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With the Supreme Court's Abandonment, it's Time for States to Protect Property Rights

Christina Sandefur June 26, 2017
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Private property is a critical ingredient in freedom. That’s why the U.S. Constitution refers to it more than any other right—it protects our “homes” and “things,” and forbids government from taking our property away without paying just compensation.  Unfortunately, in a 5-3 opinion on Friday, the Supreme Court largely washed its hands of serious legal protections for property owners—a decision that rivals the infamous 2005 Kelo decision in its betrayal of constitutional guarantees. Now, more than ever, states must take it in their hands to shield citizens against government abuse. [Read More]

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Protecting Free Speech in Medicine

Christina Sandefur March 29, 2017
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Under federal law, pharmaceutical companies can be charged with a crime simply for telling a doctor about a legal, alternative use for an approved treatment. Sadly, government routinely censors the communication of valuable and truthful information that could help improve – and even save – people’s lives.

This changed in Arizona last week when Governor Doug Ducey signed HB 2382, a new state law that safeguards the free speech rights of those in the medical field to share truthful research and information about alternative uses for FDA-approved medicines. [Read More]

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Setback for the CFPB in the DC Circuit

Christian Corrigan October 12, 2016
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Yesterday, the U.S. Court of Appeals for the D.C. Circuit delivered a huge blow the Consumer Financial Protection Bureau (CFPB). In a terrific opinion on executive power and individual liberty, Judge Brett Kavanaugh wrote that the CFPB’s status as an independent agency headed by a single director violated Article II of the Constitution.  [Read More]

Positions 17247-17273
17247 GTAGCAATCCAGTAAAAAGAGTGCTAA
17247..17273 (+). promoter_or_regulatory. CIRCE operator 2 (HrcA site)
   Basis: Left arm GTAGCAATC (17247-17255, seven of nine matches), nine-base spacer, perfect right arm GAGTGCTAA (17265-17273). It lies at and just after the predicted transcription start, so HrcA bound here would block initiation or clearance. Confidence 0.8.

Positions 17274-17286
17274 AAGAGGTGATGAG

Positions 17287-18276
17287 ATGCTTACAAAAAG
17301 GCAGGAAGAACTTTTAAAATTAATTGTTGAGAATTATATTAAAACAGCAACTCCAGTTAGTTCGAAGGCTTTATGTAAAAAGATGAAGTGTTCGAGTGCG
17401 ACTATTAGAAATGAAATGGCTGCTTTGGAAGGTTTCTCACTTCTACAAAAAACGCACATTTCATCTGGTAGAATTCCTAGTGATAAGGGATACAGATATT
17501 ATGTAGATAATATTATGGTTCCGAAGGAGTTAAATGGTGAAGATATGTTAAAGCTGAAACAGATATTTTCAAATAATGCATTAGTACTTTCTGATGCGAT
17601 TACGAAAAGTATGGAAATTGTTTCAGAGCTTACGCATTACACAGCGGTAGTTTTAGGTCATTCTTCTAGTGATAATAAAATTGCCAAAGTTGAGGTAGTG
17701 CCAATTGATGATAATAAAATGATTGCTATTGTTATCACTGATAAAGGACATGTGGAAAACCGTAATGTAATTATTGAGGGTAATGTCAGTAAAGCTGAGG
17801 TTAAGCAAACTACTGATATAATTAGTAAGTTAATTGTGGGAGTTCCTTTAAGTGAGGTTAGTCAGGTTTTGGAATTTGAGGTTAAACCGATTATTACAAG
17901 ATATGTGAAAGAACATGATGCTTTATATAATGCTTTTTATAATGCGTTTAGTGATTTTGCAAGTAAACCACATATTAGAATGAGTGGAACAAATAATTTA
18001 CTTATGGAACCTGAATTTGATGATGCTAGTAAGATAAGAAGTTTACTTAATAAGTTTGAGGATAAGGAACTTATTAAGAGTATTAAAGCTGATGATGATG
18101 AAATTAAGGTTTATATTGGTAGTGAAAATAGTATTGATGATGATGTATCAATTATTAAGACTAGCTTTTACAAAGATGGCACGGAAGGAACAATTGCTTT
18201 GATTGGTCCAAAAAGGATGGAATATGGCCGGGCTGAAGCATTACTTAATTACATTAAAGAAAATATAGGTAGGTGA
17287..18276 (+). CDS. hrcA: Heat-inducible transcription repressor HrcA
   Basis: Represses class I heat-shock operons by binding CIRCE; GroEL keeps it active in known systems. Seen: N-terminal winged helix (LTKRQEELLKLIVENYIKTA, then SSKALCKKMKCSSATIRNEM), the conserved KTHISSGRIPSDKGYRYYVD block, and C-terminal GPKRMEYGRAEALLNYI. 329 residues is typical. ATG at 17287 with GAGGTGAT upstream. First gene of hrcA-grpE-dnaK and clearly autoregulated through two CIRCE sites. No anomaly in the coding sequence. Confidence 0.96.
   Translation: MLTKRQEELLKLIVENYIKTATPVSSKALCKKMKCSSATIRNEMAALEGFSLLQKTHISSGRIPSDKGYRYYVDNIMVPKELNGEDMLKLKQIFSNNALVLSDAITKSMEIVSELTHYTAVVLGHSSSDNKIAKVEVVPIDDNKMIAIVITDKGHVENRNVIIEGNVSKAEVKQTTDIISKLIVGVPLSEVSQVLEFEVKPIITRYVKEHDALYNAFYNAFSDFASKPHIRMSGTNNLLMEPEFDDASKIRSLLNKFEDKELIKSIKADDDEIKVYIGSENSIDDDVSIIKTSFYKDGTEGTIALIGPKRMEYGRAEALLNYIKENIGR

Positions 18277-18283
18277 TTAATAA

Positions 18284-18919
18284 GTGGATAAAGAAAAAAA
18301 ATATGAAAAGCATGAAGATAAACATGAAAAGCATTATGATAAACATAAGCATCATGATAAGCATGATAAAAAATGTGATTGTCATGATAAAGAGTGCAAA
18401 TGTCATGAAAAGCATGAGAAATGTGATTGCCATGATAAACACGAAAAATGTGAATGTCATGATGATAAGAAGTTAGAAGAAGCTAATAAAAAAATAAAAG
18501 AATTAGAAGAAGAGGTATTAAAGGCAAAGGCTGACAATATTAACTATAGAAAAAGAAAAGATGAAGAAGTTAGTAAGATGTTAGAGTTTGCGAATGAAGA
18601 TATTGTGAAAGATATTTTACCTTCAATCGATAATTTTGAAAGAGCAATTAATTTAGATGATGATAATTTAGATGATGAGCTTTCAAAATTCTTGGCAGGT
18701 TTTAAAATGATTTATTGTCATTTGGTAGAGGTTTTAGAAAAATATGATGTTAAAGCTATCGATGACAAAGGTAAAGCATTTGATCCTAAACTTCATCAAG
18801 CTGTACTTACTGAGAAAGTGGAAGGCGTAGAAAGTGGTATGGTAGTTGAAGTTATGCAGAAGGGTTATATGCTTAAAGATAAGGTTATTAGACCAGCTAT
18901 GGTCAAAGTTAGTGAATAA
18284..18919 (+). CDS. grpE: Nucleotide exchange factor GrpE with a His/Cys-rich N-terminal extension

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Colorado, Marijuana, and Federalism

George J. Terwilliger March 22, 2016
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George Terwilliger comments on the Supreme Court's refusal to hear a complaint from neighboring states that Colorado’s relaxation of marijuana laws hurts them and undermines federal law:

Regardless of the Court's inaction on the issue- or perhaps now all the more because of it -- the Administration should reconsider the complete abandonment of its responsibility to enforce the laws duly enacted by the legislature. Federalism does not mean that every state can simply act contrary to federal law where and when it may be popular to do so. Colorado doing so here is as contrary to our constitutional system as is the federal government imposing the burdens of its lax immigration policies on the people of the states, especially those most affected by the influx of illegal immigrants.

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Supreme Court of the United States

Requiem for the Constitution?

February 18, 2016
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As John Donne teaches and Hemingway reminded us, each man’s loss diminishes us, for each of us is involved in mankind.  Certainly the passing in his sleep, at the age of 79, of Antonin Scalia is a great personal loss for his loving wife of many years, his nine children and their spouses, and his thirty-three grandchildren. The passing of Justice Scalia leaves the President and the Senate with a vacancy to fill, which will come in due time.  More important, it leaves a nation without an engaging, clear-thinking, and consistent defender of the Constitution as well as a husband, father, friend, and grandfather. Let us all mourn his passing in the hope that the bell tolls only for us, and not for the Constitution that protects us. [Read More]